The Auris is dead, long live the Corolla! Toyota is revamping its iconic nameplate in Europe in two body styles, a five-door hatchback, and a wagon.
The new Corolla lineup also marks the debut of Toyota’s dual hybrid strategy, with both the hatch and the wagon offering a choice of two hybrid powertrains. In addition to those, the new compact models from Toyota will be available with just one conventional engine, a 116 PS (114 hp) 1.2-liter turbo petrol unit.
The self-charging hybrid powertrains are a 122PS (120hp) 1.8-liter and a 180PS (178hp) 2.0-liter. The former places emphasis on fuel economy, with Toyota claiming “outstanding fuel economy and low CO2 emissions,” as well as up to 50 percent all-electric driving on the everyday commute.
The 1.8-liter gasoline engine delivers 122 PS (120 hp) and 142 Nm (105 lb-ft) of torque, with an electric motor adding 53 kW (72 PS/71 hp) and 163 Nm (120 lb-ft). The 2.0-liter hybrid system offers 180 PS (177 hp) and 192 Nm (142 lb-ft) of torque and is assisted by a nickel-metal hydride-powered electric motor.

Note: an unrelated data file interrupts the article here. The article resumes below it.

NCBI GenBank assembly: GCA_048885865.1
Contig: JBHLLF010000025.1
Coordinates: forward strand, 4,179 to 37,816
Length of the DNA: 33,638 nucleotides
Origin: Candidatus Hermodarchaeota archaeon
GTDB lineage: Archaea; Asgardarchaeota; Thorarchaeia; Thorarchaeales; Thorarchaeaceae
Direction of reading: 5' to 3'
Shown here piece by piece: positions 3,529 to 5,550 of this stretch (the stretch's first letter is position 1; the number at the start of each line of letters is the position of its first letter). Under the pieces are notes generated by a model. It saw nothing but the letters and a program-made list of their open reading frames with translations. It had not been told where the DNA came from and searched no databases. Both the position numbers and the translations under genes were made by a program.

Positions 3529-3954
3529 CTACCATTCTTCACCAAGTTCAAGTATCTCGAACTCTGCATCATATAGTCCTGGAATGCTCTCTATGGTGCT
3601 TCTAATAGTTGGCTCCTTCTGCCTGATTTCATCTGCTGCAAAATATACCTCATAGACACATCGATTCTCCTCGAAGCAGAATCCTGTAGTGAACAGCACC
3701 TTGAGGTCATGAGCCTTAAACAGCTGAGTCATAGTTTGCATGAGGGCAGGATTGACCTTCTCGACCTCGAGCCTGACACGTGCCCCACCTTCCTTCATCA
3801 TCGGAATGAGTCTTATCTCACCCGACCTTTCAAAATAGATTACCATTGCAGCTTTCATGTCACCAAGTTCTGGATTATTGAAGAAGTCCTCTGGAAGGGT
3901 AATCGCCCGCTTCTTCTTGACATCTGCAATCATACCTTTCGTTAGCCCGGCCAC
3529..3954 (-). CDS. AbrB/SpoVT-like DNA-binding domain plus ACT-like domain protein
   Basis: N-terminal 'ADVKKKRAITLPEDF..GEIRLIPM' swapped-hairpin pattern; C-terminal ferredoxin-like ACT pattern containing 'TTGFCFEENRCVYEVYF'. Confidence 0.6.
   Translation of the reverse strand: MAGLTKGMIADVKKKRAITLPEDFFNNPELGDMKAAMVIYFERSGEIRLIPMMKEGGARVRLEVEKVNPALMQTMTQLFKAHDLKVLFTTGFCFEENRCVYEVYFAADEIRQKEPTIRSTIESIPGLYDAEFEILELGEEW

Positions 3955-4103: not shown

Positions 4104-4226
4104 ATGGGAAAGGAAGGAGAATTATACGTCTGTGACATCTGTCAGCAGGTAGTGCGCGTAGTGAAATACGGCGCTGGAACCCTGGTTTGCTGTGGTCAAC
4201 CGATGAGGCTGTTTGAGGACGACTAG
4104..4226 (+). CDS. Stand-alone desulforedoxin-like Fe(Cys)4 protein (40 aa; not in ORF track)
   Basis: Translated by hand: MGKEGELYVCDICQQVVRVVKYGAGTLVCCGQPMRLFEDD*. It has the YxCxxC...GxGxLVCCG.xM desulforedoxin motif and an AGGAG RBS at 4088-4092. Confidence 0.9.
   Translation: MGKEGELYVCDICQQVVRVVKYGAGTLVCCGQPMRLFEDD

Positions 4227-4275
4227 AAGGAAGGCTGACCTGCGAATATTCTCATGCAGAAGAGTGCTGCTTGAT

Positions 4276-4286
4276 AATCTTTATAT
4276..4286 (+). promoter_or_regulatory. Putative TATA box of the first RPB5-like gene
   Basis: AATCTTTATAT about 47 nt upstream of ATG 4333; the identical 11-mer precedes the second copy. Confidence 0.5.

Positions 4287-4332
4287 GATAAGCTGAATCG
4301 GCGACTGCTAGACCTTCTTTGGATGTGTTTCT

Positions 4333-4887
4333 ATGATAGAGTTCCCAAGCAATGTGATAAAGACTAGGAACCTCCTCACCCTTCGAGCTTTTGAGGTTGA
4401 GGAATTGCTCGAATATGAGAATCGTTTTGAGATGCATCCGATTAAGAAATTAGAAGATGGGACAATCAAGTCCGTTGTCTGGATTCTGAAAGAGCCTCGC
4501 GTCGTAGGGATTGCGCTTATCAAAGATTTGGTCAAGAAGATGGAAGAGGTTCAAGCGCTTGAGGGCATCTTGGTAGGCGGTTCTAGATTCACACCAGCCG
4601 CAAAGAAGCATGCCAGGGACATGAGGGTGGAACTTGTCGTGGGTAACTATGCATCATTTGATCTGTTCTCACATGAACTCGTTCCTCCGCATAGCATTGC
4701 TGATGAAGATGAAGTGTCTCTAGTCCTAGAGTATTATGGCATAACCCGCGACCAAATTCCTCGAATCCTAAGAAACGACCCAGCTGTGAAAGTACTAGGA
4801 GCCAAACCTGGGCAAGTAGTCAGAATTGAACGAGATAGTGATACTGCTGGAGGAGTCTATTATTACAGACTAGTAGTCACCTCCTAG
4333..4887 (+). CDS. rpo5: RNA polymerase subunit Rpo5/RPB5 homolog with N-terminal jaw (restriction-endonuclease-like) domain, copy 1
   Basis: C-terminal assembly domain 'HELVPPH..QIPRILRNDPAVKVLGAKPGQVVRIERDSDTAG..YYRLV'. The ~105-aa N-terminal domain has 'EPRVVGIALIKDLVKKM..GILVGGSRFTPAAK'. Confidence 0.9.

The 2.0-liter system targets buyers who want a more spirited drive, offering more power and even steering wheel-mounted paddles for a more engaging driving experience.
Both Corollas are based on Toyota’s TNGA GA-C platform which is said to offer a more rewarding driving experience thanks to a 10-mm (0.39-in) lower center of gravity, standard multi-link rear suspension, and 60-percent more rigid body shell. As a result, the Corolla is said to offer better handling and stability without compromising ride and comfort.
Practicality-wise, the Corolla Touring Sports benefits from a 58-mm (2.3-in) longer body than the model it replaces. More importantly, the wheelbase is 100-mm (3.93-in) longer for a total of 2,700 mm (106.3 in), which helps the wagon provide “best-in-class rear seat passenger legroom,” according to the automaker. Cargo volume capacity is 598 liters (21.1 cu ft) loaded up to the parcel shelf with all seats in place.